It basically means that the central government started procuring vaccines seriously only after the full cost of the second wave of Covid became obvious. The number of people who got the disease shot up. Many died. Many others ended up spending their savings in fighting the disease. And the economy slowed down.

As Adar Poonawalla, who is the chief executive officer of the Serum Institute, pointed out in an interview to the Financial Times in early May, the government had not placed enough orders ahead of the second wave. “I’m just the manufacturer...I don’t decide these policies,” he had said. This is also obvious, and as argued above, from the numbers put out by the government in the public domain.

The question is, why was the government caught napping? If we go by the principle of Occam’s Razor, the simplistic version of which states that the simplest explanation is usually the best one, those in decision-making positions were busy with the state assembly election in West Bengal and did not take the threat of the second wave of Covid very seriously.

But let’s give the government the benefit of doubt here and assume that there was some thinking going on, perhaps at a relatively deeper level than the Occam’s Razor suggests. Allow me to meander for a bit and talk about the United States and the Vietnam war a little more, before I get back to the point I am trying to make.

The United States became a party to the war in Vietnam, which was geographically very far away, and kept fighting it on the basis of declaring that it was winning it, until it was not.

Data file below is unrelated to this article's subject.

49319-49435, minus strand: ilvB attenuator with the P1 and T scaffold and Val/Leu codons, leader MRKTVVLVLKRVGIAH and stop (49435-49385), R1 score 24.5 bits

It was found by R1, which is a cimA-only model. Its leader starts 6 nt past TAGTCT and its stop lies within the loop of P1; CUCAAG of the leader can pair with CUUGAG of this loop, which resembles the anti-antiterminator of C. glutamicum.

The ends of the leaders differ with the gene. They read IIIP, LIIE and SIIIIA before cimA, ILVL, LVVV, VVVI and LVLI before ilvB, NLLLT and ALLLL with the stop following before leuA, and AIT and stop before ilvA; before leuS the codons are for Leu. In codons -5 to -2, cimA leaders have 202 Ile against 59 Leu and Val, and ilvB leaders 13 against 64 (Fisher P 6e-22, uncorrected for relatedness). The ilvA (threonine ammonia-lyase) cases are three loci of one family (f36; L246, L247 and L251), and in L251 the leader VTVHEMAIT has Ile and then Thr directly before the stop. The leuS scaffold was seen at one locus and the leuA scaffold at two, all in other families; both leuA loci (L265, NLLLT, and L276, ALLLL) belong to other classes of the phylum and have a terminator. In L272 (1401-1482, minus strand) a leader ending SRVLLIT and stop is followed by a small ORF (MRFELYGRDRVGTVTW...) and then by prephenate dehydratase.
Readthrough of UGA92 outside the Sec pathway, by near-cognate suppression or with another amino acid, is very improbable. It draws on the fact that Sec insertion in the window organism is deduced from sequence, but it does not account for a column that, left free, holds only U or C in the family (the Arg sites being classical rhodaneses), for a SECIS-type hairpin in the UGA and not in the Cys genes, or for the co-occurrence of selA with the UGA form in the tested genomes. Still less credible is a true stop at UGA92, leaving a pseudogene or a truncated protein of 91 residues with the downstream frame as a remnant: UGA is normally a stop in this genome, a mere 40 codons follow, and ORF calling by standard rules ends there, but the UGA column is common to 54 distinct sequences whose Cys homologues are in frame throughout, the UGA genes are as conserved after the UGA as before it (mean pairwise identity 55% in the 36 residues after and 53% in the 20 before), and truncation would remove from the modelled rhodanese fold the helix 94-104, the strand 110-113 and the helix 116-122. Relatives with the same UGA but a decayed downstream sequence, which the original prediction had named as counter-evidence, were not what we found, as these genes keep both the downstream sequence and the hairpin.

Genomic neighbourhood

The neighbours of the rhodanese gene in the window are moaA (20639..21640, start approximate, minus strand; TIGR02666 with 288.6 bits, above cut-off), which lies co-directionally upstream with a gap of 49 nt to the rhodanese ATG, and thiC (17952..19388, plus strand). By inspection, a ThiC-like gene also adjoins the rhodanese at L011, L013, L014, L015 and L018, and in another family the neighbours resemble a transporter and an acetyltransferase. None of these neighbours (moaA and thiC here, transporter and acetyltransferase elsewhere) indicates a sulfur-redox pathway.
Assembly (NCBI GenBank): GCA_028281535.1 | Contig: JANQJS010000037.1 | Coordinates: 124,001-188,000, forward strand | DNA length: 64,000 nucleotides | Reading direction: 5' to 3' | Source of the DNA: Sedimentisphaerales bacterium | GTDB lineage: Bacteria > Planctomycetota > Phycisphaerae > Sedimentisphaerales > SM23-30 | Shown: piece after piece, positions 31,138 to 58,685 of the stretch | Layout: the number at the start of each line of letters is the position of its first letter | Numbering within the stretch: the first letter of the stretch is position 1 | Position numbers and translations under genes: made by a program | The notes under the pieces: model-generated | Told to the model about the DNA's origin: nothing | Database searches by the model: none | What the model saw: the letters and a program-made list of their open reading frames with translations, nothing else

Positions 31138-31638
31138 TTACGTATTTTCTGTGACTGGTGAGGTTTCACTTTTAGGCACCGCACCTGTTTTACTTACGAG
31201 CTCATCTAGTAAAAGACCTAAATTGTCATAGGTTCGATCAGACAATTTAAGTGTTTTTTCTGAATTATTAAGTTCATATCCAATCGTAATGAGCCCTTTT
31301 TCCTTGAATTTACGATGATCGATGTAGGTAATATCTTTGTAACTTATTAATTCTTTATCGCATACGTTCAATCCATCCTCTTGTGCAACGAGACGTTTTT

As Sowell writes: “One index of military success is the number of enemy killed... [Given this] continual criticism of the ‘search and destroy’ missions of the American army in Vietnam did little to change this approach in a war where ‘body count’ was a key indicator, used by the military high command in rewarding and publicising its units' efforts.”

So, what’s the link here? It is possible that when it came to figuring out what the Covid pandemic could possibly unleash, the central government just kept looking at the “mild” impact of the first wave of Covid in terms of the number of cases and the number of people who had died. The point here being that the decision-making in the government, as was the case with the American presence in the Vietnam war, happened by looking at an extremely limited number of parameters and without taking a broader historical as well as the current context into account.

As of March 31, the number of people who had got Covid in India had stood at 1.22 crore, which is a big number in absolute terms, but less than one percent of India’s population. By May 31, the number had jumped to 2.82 crore, a 131 percent jump in a matter of two months. Of course, this comes with the disclaimer that a few states were not reporting their numbers properly and the fact that many individuals would have been asymptomatic, and perhaps had not even realised that they had had Covid. Hence, the actual numbers would have been considerably higher than the reported ones. While the government may not admit to this, it of course realises this.

In looking only at the impact of the first wave, the government perhaps forgot to take into account that other countries had faced the second wave, or that pandemics in the past did not go away with just one wave, or the fact that many countries were not thinking like the Indian government was and were trying to stock up on vaccines by placing advance orders.

The need to pat itself on the back for a job well done, which fed into a constant “all is well” narrative, may have very well led to this extremely limited thinking on the central government’s end and cost the country a precious few months in getting ready for the second wave.

As Sowell puts it: “The point here is to emphasise that the cost of any decision-making process must be assessed in terms of the full consequences entailed by alternative decision-making processes.”

Vivek Kaul is the author of Bad Money.